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Mel Gibson: still growing up.

Every actor has a bit of the child in him, but in Mel Gibson's case, the little boy remains the main component. That!s what makes him by all accounts such a good father--he's actually his wife Robyn's seventh child.

Gibson approaches life asking one big question: "How can I make this fun?" He describes a household in which he plays the role of chief loony, supported by a rambunctious bunch of five boys and a girl, ages 3-13. Though he confesses to being a strong disciplinarian when required, he seems to spend most of his off-duty hours telling stories to his brood, building them a treehouse, taking them for motorcycle rides around the pastures of his ranches in Australia and Montana, or just roughhousing with them at home in Los Angeles.

"I'm an excellent parent, if I do say so myself," he says--and then reconsiders: "Actually, I'm not excellent. I'm sure I've gone through the same things as everyone else who's got offspring. Most of the time I scratch my head and think, 'What am I going to do?' You have to set examples. I want my kids to like me, so when they really need a lot of help later on, they won't mind coming to me. It's easy to alienate your offspring. That, to me, is the worst crime. You've got to be prepared to just sit down and be accessible to

Talking to Gibson is a little like interviewing a child actor, one of those precocious preteen kids who can conceptualize like a professor but loves to have fun most of all. Here in a Los Angeles hotel room, dressed for play in black jeans and shirt and sculled black cowboy boots, Gibson, 37, passes another hour avoiding adulthood by snickering and giggling, squirming and fidgeting.

He suddenly spots a nearby plate of chocolate cookies and scarfs a few. "These cookies are great! Try 'em!" Nothing tempting is safe from Gibson, who describes himself as an amoeba enfolding whatever it encounters.

He will try anything once, and if he likes it he'll try it a thousand times. Eventually the cookies have to be removed from his reach. "I gave up one vice last week. I think I'm gonna start another," he says, looking longingly at the receding cookie plate.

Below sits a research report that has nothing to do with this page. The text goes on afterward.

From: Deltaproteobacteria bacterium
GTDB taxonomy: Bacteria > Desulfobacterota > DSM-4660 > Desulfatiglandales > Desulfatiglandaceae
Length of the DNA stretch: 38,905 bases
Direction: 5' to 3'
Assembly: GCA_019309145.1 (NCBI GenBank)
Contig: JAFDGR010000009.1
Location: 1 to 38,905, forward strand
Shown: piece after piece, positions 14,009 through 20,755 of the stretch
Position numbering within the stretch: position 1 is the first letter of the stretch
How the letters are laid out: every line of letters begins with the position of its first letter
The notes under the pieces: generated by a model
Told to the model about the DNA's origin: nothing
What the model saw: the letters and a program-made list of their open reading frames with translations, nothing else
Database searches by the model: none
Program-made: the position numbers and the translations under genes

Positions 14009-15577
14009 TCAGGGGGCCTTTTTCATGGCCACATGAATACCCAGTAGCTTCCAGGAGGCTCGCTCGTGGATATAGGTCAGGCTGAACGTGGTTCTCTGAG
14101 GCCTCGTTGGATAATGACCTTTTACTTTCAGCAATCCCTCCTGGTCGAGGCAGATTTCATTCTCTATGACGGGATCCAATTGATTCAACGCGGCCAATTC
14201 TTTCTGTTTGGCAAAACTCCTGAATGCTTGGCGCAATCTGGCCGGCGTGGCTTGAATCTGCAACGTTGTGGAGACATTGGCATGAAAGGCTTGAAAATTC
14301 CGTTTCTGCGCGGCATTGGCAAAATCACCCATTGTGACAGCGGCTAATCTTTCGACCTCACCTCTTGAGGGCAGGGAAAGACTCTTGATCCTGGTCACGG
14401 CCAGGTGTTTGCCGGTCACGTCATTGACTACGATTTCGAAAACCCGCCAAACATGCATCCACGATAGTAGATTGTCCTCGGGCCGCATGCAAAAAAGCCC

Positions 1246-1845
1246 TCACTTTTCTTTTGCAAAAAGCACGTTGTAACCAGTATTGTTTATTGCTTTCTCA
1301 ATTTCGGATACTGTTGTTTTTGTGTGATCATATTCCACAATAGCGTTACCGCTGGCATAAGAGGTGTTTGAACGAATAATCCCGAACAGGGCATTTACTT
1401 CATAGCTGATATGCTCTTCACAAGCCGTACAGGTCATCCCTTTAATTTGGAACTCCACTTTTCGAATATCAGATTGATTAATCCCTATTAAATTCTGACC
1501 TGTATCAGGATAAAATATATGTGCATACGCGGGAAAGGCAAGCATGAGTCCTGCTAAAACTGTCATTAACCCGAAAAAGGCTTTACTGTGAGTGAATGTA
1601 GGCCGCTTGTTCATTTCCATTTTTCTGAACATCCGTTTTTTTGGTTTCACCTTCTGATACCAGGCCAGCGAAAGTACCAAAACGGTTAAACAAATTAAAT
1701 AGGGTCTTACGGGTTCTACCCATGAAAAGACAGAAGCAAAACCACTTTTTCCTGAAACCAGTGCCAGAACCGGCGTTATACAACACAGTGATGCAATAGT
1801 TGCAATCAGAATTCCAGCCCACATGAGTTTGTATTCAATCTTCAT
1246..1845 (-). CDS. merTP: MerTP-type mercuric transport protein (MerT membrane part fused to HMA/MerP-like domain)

Drinking is a vice Gibson gave up some time ago, after a drunk-driving arrest and a few too many head-splitting mornings. Smoking is the latest bad habit to go--he's stopped 12 times now. "I got sick of it, sick and tired. I decided to quit again when I played tennis with my dad for three hours. He's 73 and he ran around the court and wasn't very puffed afterwards, either. That's kinda cool. I thought I'd knock it off while I'm ahead. I'd like to still be running around the court when my kids are older, instead of them visiting me in an iron lung."

The picture of himself ill and immobilized sends him into a paroxysm of giggles. A cappuccino arrives from room service, and he slurps it up greedily as he returns to the subject of being a kid--er, parent.

"We play the wild animal game," he says enthusiastically, wiping coffee froth off his lip. "They wanna get away and they wanna get caught. I love chasing 'em around. Not with a gun! Someone always ends up getting hurt, though. They all start jumping on you at the same time, and they can hurt one another. You have to be very careful with that stuff. Hey, maybe they should wear helmets and pads.

"I've got five sons, and they don't know you can't take it. They think you're invincible, so they come in at you full-bore. A head butt from a l O-year-old doing 90 miles per hour can just about kill you. One of these days, I'll have to clue him in on the fact that it's killing me.

"When there's five of them, you can't keep 'em all blocked off. You're gonna take a couple of shots now and then. It's awful, terrible. My daughter doesn't engage. She doesn't like the rough stuff anymore. I used to include her in all the rough stuff, but now she's just not interested. That's the difference between men and women."

Gibson is one of 11 children himself (he was right in the middle). All four of his grandparents were Irish. His father, a railway worker in upstate New York, won $20,000 playing "Jeopardy" when Mel was 12 and used the money, plus an insurance settlement, to move his family to Australia. "It was a difficult move," Gibson remembers. "It made me observant. Right away, I saw there was a difference between them and me. In order to cope and not have a punchup every other day, I tried to be like them. I remember looking at them and observing them. It was good training as an actor."

When he left drama school, Gibson's good looks and hunky body quickly led him to a dual career as romantic lead and action hero. He moved from such stage parts as Romeo to the retarded title character in Tint (1979). At the same time, he was learning how to handle a gun in the Mad Max series and Gallipoli (1981). By 1984, after appearing in The Bounty, The River and Mrs. Soffel, he had become an American star. However, it wasn't until he passed 30, stopped drinking, and learned to show his madcap side in his work that he became a household name and reached the $10 million-perpicture level.